Anomoanon at Tokyo Rose


By Mark Grabowski

We were all in a state of flux at Tokyo Rose last Thursday night. Pulling us down into the basement club was Anomoanon (I believe it rhymes with "phenomenon"), folk-rock at its finest.

Pushing us back upstairs, away from the sound and fury, was the irrepressible heat of a packed Rose. It's funny to think about, but there is a relationship between how well attended a Rose show is and the necessity for missing some of it. The bigger the artist, the more people, and therefore the hotter the room. The hotter the room, the greater the necessity for going back upstairs to regain one's sanity. Therefore, the bigger the artist, the more show one will miss.

Anomoanon is led by the charismatic Ned Oldham, who sings, writes most of the songs, and plays guitar. Also on the dimly lit Tokyo Rose stage, performing together for the first time anywhere, were his brothers Will and Paul, indie rock celebrities in their own right.

The Oldham boys have quite the musical dynasty going: Will Oldham, founder of Palace Music (and Palace Songs, and Palace Brothers, and Palace), has released at least 30 singles and albums since the early 1990s, all with his own personal take on alt-country. He has been known to play the Rose with some frequency, and his shows always spark a huge turnout– Will is probably the most famous member of the Oldham clan.

Brother Paul runs Rove Studios in Shelbyville, Kentucky, frequently records the other two's work, as well as that of noise-rockers Royal Trux, for whom he has worked as touring soundman and bassist.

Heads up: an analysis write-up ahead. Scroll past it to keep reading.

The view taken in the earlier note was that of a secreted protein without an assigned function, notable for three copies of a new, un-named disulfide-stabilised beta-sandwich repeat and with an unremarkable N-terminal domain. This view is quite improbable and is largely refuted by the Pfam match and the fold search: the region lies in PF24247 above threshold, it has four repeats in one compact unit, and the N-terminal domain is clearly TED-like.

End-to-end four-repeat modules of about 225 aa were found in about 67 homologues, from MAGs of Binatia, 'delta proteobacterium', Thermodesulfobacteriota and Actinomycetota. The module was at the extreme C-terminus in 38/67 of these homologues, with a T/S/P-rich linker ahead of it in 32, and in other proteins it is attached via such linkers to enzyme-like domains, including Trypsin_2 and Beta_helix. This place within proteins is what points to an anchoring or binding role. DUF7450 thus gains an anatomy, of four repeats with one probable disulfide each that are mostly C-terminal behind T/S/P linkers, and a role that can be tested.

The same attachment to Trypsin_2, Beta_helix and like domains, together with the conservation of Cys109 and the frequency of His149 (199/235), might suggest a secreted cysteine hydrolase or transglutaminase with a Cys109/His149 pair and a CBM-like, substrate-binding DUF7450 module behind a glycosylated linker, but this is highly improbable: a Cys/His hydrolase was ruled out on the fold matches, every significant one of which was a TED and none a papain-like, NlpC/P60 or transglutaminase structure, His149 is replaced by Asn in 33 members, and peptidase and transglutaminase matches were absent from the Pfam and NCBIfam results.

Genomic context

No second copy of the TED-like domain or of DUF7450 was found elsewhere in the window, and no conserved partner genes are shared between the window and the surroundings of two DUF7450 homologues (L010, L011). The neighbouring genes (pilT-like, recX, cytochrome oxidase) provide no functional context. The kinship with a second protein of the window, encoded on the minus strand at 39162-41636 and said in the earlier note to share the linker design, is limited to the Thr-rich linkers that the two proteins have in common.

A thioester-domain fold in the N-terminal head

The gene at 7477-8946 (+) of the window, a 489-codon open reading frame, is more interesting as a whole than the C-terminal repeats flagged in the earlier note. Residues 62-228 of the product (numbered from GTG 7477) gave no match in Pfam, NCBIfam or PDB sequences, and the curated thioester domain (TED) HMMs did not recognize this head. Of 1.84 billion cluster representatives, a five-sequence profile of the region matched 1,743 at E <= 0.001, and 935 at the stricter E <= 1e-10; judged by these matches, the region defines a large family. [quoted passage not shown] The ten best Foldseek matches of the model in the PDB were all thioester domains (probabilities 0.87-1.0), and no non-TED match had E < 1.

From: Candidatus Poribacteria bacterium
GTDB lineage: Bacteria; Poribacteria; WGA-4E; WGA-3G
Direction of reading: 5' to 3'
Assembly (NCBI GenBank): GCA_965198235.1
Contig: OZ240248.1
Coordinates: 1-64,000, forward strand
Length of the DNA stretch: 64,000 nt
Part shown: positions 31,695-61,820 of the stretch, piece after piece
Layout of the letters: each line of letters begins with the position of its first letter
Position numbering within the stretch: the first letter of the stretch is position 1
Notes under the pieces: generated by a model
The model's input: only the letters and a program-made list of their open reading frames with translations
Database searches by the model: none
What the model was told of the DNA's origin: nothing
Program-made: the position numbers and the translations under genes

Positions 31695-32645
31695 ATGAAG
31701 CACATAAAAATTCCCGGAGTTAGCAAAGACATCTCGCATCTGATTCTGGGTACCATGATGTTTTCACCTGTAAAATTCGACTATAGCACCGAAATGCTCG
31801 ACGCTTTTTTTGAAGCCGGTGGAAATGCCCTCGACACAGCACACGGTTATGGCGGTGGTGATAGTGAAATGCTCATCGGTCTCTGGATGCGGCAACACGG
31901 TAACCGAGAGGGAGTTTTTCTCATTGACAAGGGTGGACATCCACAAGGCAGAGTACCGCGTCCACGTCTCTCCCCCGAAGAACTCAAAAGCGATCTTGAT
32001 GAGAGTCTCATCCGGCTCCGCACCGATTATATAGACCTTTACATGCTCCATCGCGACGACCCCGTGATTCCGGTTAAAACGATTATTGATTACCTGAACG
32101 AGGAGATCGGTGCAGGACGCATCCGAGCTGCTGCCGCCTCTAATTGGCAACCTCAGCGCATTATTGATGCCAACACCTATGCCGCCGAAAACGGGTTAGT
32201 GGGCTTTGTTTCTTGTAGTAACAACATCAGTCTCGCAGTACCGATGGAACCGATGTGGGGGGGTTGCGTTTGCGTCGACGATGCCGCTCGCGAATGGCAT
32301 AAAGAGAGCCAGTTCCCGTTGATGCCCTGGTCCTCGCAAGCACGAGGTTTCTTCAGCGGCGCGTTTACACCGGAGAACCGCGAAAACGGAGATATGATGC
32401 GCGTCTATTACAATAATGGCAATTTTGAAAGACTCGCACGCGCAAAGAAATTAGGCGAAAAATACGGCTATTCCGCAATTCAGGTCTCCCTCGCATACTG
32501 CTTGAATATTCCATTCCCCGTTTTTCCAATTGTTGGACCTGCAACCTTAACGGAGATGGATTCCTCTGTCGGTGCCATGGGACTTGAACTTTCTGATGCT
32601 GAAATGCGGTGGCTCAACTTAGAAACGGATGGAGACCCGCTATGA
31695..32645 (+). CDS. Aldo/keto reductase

Ned Oldham had center for the night, providing lead vocals (Anomoanon is really his project), Will provided backup vocals and guitar, and Paul played bass. Ned's voice reminds one of a young Neil Young– missing, thankfully, the fingernails on the blackboard quality that turns some people off.

The Oldhams like their rock country-tinged, and while Ned's take on this genre is decidedly more upbeat than Will's (All Music Guide describes Will's music as "somber, bittersweet, nocturnal, melancholy, brooding"), all the elements of the Oldham sound were present– sometimes high-pitched warbling vocals and guitar picking were the predominant features. There was also some small element of the psychedelic to Anomoanon's sound– they even played a cover of "Loser" by the Grateful Dead, to put the point across more forcefully.

Anomoanon recently released an EP, Envoi Villon (with words from 15th-century poet Francois Villon), which seemed to be the record the Oldham boys were touring around, but nobody was quite sure. The Oldhams could have been out just to spread some brotherly love and have a good time– and from the looks on their faces, I'd say they succeeded splendidly.


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